Hey T.I., That’s Not How Virginity Works

The rapper clearly doesn't understand how the female body works, and it shows

(Photo: Getty Images)
(Photo: Getty Images)

Just when you thought 2019 couldn’t get any worse, T.I. had to open his big mouth. In an interview that aired on November 7, and has since been removed, the rapper (a.k.a Clifford Joseph Harris Jr.) spoke to podcasts hosts Nazanin Mandi and Nadia Moham of Ladies Like Us, about his family life and parenting style.

And it was nothing short of horrifying. During the interview, T.I. revealed that not only has he had the “sex talk” with his daughters, but he takes the entire thing one step too far, especially when it comes to his 18-year-old daughter Deyjah Imani Harris. ”Not only have we had the conversation—we have yearly trips to the gynecologist to check her hymen,” T.I. told the hosts. “Yes, I go with her.”

T.I. continued, telling the world that after his daughter’s 16th birthday, he essentially demanded that she go to the gynecologist, slapping a sticky note on her door about the appointment. It’s something they’ve continued yearly to ensure that her hymen remains intact, which T.I. assumes means she is still a virgin.

And don’t worry guys, as T.I. assured the radio waves: ”I will say, as of her 18th birthday, her hymen is still intact.” Excuse me while I barf.

There is *so* much wrong with this situation. As many people online pointed out, this behaviour is incredibly humiliating and abusive; and not only negatively stigmatizes sex, but reinforces patriarchal views that a woman (or individual’s) body and sexuality doesn’t belong to them.


This was reinforced when the rapper talked about gaining consent to have access to his daughter’s medical records, telling the doctor to “just check the hymen, please, and give me back my results expeditiously.”

FWIW, since the convo aired, T.I.’s daughter has been liking tweets about calling the rapper out. So it’s clear that she at least know’s what’s up. And is obviously not a fan.

Not only are T.I.’s actions super problematic, but his comments are also just straight up misinformed; because, as the doctor tried to tell him, that’s not how hymens—or virginity, for that matter—work. And his comments are perpetuating a lot of myths about both.

First of all, a hymen isn’t a valid indicator of virginity

While T.I. might think he’s achieving something by having his daughter’s hymen checked (which again, ew); he’s actually not. Because—as the doctor in said story pointed out—the hymen isn’t a valid indicator of virginity. For a few reasons. Including the fact that it can be torn when those with hymens do…like anything. And isn’t necessarily torn when one does have sex. This little tidbit also serves to debunk another myth that T.I.’s comments play into: the idea of virginity as a whole. Because we define virginity as breaking the hymen—which can happen doing any physical activity—Toronto Based Anti-Violence Educator Yamikani Msosa says virginity “doesn’t actually tangibly exist.”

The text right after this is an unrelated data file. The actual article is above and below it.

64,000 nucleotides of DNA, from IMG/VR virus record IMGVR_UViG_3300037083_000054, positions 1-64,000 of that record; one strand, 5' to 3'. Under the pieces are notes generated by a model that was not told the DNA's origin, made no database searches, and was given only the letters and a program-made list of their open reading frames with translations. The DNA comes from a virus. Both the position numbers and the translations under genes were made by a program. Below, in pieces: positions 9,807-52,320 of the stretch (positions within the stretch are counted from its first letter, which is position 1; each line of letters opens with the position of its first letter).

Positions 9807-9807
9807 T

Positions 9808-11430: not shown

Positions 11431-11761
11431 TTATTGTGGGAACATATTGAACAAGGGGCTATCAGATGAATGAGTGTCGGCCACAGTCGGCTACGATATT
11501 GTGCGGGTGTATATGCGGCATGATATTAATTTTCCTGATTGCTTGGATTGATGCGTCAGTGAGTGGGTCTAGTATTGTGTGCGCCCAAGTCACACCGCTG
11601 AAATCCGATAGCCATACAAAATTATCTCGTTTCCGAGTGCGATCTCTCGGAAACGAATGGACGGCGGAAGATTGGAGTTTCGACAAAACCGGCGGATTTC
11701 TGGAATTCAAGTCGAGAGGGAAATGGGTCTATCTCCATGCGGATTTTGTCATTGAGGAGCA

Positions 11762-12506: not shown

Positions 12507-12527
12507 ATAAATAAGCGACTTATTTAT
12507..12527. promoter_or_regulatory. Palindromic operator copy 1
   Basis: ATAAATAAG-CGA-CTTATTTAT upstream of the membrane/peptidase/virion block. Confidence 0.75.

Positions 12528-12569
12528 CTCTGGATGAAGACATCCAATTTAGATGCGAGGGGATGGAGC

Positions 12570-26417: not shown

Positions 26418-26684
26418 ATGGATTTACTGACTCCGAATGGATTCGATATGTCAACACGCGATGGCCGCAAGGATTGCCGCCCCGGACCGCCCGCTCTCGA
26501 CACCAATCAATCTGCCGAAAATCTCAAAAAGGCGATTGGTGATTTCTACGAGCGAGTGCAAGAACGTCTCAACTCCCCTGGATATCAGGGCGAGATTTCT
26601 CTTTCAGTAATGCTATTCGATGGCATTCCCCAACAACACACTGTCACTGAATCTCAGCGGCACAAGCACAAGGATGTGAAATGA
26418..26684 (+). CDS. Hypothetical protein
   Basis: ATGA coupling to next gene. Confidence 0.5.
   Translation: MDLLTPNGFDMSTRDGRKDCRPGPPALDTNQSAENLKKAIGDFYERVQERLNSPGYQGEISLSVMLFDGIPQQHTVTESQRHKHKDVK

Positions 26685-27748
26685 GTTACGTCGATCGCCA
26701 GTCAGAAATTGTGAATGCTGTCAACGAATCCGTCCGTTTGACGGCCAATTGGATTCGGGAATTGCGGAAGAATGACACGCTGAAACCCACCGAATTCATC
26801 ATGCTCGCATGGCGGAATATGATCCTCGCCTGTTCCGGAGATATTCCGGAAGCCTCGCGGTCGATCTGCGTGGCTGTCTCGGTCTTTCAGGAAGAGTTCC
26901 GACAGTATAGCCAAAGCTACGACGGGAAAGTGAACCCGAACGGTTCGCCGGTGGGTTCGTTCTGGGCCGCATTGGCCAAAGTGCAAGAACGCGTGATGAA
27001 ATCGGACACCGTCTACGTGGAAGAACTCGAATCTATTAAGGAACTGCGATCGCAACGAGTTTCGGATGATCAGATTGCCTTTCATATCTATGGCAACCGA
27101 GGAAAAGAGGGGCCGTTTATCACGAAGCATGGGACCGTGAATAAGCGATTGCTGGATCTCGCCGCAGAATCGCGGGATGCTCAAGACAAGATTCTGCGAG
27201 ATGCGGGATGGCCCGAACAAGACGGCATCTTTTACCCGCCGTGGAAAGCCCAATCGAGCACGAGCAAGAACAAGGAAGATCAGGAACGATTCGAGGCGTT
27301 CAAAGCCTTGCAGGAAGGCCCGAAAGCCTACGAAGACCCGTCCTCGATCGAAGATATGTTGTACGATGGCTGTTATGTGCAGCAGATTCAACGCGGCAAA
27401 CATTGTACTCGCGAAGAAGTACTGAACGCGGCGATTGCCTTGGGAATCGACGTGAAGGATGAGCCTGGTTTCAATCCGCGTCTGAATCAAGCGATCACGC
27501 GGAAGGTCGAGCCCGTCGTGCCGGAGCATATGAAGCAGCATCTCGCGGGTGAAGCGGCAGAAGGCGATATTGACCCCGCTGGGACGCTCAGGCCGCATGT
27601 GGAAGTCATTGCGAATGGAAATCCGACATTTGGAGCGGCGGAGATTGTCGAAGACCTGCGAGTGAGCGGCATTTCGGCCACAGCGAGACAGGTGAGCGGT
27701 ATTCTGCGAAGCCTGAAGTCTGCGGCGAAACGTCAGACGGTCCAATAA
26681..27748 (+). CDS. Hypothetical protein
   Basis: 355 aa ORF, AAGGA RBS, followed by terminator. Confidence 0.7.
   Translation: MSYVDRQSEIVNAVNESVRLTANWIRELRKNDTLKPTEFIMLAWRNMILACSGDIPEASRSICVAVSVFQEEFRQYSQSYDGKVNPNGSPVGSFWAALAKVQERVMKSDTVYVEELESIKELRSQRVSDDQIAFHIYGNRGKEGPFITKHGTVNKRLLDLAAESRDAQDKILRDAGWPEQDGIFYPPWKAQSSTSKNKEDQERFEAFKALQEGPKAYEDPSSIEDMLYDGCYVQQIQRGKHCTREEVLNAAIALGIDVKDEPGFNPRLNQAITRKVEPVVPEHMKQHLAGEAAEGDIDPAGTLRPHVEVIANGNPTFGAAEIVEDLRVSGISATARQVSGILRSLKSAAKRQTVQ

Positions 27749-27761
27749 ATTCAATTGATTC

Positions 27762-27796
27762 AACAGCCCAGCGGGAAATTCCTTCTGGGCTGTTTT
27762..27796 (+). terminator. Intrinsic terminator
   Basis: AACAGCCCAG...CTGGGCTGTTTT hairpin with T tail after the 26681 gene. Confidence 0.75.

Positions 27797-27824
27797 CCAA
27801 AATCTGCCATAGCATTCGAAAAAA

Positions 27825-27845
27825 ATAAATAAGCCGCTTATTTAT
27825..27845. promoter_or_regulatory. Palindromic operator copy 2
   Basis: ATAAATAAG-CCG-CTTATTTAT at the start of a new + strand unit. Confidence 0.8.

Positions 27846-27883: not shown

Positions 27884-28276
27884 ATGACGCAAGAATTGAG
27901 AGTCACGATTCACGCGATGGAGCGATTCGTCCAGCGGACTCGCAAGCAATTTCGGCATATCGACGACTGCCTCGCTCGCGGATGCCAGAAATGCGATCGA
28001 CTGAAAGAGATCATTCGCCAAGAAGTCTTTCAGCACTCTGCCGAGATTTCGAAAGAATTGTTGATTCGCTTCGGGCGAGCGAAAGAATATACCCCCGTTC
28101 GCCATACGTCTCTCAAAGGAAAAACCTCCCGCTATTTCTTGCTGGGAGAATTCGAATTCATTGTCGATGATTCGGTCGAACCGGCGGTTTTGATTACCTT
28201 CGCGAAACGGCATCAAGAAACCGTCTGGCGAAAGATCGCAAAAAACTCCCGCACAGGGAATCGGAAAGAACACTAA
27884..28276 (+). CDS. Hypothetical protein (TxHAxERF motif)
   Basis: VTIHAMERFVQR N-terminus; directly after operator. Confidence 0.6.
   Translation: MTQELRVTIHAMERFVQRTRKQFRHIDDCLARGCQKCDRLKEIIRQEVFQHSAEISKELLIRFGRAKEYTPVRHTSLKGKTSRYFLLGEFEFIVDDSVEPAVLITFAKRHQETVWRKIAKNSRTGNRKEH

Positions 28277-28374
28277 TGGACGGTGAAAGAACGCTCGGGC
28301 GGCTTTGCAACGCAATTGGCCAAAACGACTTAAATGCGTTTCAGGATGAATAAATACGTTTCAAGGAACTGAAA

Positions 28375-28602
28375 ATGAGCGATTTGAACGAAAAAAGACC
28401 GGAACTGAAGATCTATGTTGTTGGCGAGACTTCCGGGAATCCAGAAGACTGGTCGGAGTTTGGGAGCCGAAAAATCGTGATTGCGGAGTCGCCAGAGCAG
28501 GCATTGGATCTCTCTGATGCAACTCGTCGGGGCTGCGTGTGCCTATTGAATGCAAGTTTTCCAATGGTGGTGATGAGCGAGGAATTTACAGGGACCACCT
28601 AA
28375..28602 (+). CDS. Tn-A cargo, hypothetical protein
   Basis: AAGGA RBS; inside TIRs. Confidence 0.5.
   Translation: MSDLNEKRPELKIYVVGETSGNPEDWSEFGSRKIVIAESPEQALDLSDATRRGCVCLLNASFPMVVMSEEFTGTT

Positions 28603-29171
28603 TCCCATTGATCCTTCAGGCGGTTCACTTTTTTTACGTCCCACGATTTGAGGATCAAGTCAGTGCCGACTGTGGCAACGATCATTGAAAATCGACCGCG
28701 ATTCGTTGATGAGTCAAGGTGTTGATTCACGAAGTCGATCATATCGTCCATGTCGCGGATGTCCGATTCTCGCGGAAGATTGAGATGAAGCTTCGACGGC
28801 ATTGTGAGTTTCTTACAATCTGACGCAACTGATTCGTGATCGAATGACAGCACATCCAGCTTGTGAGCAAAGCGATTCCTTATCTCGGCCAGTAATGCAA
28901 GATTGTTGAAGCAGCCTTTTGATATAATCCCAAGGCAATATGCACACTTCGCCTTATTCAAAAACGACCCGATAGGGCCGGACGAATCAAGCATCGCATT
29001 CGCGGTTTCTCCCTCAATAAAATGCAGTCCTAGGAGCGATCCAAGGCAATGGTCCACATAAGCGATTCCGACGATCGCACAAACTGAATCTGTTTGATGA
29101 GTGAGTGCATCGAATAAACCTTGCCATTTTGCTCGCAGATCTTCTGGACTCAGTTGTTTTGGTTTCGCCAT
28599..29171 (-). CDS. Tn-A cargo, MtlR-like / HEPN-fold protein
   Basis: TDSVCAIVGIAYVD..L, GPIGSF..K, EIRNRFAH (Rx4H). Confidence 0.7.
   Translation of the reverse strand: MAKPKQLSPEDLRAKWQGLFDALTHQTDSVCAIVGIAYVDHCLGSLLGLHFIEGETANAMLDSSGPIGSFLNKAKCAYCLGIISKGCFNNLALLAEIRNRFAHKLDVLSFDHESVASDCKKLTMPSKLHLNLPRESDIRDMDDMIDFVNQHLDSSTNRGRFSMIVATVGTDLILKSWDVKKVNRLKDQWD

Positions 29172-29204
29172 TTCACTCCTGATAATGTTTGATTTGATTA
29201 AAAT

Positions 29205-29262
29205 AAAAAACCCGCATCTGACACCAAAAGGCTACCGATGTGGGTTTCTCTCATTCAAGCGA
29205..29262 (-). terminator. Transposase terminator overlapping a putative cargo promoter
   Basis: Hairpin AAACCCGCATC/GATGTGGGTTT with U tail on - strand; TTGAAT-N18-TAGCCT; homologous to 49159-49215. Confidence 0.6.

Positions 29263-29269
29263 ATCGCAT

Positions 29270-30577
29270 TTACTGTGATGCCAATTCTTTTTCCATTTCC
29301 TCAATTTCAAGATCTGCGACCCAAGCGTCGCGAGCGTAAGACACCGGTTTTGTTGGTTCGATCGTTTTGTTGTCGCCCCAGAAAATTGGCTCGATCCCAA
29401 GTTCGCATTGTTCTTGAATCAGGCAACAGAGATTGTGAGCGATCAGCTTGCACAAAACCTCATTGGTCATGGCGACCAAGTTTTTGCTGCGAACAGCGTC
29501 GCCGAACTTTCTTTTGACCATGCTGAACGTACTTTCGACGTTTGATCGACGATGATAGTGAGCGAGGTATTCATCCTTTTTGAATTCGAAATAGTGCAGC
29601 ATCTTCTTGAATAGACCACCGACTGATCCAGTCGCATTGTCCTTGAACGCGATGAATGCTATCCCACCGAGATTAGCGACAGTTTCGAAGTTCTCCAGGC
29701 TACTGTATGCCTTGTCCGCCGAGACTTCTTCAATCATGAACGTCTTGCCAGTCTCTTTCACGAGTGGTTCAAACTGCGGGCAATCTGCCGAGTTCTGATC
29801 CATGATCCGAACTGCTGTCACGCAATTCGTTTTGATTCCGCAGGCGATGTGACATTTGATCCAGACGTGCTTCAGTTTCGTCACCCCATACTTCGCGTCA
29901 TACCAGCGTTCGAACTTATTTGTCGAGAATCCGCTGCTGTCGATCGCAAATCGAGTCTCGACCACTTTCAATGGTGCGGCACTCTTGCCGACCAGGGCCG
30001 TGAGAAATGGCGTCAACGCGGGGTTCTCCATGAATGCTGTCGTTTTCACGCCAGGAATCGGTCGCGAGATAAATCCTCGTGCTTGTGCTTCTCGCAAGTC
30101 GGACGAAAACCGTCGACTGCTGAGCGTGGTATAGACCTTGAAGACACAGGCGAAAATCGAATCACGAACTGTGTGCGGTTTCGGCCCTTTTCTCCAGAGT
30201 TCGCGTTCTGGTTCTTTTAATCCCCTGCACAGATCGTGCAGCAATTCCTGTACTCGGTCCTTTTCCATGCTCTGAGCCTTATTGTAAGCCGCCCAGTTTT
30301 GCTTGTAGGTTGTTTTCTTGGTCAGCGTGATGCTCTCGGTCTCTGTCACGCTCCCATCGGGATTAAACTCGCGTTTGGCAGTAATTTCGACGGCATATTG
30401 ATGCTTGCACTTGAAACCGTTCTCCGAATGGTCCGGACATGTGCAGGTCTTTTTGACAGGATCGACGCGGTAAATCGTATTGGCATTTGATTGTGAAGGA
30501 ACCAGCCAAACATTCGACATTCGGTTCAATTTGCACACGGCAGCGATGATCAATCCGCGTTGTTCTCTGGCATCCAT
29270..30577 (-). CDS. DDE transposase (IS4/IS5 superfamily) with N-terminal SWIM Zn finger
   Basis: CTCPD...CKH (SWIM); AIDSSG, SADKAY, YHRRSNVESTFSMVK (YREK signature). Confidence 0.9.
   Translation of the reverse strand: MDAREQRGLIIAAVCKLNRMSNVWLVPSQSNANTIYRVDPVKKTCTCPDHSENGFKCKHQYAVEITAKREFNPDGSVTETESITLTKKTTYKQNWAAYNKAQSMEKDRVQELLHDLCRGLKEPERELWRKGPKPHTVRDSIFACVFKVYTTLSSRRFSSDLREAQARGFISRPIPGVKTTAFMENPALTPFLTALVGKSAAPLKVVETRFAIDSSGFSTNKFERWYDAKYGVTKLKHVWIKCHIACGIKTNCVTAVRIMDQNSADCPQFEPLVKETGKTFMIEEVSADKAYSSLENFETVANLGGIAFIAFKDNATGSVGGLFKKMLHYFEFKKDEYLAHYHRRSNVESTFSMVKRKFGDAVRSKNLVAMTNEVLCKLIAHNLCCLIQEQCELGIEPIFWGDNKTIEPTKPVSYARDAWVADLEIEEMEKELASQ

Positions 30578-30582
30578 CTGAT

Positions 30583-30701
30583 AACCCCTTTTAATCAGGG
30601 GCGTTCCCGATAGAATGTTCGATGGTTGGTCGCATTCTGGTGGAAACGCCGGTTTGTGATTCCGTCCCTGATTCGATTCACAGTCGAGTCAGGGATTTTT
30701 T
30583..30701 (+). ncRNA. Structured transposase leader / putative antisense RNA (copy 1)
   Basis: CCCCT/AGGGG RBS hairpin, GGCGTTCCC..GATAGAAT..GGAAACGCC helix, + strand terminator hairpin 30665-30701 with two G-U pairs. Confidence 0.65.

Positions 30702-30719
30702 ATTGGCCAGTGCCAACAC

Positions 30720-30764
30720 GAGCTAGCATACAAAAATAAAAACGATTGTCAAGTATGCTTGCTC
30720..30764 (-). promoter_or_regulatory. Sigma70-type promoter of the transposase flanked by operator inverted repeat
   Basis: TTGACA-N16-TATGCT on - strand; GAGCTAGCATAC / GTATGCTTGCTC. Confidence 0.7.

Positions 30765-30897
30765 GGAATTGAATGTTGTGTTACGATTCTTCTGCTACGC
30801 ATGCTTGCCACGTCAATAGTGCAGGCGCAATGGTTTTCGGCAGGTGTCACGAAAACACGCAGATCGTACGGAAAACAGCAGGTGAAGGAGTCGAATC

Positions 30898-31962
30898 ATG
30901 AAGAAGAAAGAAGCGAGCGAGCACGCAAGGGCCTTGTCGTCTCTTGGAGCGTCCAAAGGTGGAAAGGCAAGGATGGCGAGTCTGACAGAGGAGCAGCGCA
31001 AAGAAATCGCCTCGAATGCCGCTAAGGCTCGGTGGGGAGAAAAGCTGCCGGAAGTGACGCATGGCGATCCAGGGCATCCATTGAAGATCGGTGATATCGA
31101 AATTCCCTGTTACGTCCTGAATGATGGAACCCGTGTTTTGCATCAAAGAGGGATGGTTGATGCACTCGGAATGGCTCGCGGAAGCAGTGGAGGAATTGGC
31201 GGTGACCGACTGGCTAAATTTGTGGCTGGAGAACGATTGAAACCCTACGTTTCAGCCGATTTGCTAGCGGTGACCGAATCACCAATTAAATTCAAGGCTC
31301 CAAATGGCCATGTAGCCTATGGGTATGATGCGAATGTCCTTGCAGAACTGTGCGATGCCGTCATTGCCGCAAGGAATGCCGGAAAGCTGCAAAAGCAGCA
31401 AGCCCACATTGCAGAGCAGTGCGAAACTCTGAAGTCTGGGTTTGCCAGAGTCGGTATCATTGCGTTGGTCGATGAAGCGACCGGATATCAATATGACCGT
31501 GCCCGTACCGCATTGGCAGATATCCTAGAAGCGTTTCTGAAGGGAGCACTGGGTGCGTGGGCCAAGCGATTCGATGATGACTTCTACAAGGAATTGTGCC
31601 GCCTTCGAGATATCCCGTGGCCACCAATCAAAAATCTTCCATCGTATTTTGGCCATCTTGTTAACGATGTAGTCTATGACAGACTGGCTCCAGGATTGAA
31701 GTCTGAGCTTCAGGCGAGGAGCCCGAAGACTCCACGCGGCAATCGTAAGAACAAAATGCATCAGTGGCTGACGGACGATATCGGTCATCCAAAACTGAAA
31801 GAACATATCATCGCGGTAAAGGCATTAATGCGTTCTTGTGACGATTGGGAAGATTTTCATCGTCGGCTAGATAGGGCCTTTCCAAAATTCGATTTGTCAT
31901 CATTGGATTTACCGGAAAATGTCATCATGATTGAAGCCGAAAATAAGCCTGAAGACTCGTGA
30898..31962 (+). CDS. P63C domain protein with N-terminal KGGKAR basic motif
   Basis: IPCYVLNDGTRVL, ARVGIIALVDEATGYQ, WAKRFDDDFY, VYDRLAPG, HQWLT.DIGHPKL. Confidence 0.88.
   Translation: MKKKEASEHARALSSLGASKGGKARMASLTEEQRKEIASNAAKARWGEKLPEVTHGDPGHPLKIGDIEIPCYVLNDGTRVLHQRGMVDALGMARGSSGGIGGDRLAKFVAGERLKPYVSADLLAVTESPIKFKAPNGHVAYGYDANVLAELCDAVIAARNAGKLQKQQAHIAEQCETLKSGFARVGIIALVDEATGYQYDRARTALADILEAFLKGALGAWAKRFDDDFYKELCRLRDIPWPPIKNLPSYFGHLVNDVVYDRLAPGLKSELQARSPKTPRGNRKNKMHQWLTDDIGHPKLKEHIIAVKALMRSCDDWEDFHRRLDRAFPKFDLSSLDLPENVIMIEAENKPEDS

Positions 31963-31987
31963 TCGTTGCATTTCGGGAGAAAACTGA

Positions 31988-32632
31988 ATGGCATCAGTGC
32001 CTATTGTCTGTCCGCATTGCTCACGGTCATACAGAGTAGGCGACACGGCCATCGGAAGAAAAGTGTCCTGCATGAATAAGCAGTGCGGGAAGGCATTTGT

And as celeb OBGYN, Gwyneth Paltrow fact-checker and vagina whisperer Dr. Jennifer Gunter outlined in an awesome thread on Twitter, the hymen serves a totally different purpose. She compares it to baby teeth, in that the hymen is there in the early stages of development only, in this case to protect the vagina from infection from urine and feces. As kids get older, the hymen changes and takes on more flexibility, because as Gunter puts it, “evolution doesn’t care.”

And, FYI, because everybody and every body is different, 50% of sexually active teens don’t have a disrupted hymen.

This myth around the hymen stems largely from greater myths we have around “first times”: mainly, educator and sexual violence support worker Farrah Khan says, that they shouldn’t be enjoyable and they should be messy. Assumptions that aren’t necessarily true, and informed by a lot of outside factors besides just straight up P-in-V. “For some people [penetrative sex] can be painful, and other people it can’t. It’s about the person you’re with,  it’s about your comfort. It’s also how old you are. There’s lots of things that factor into this,” Khan explains.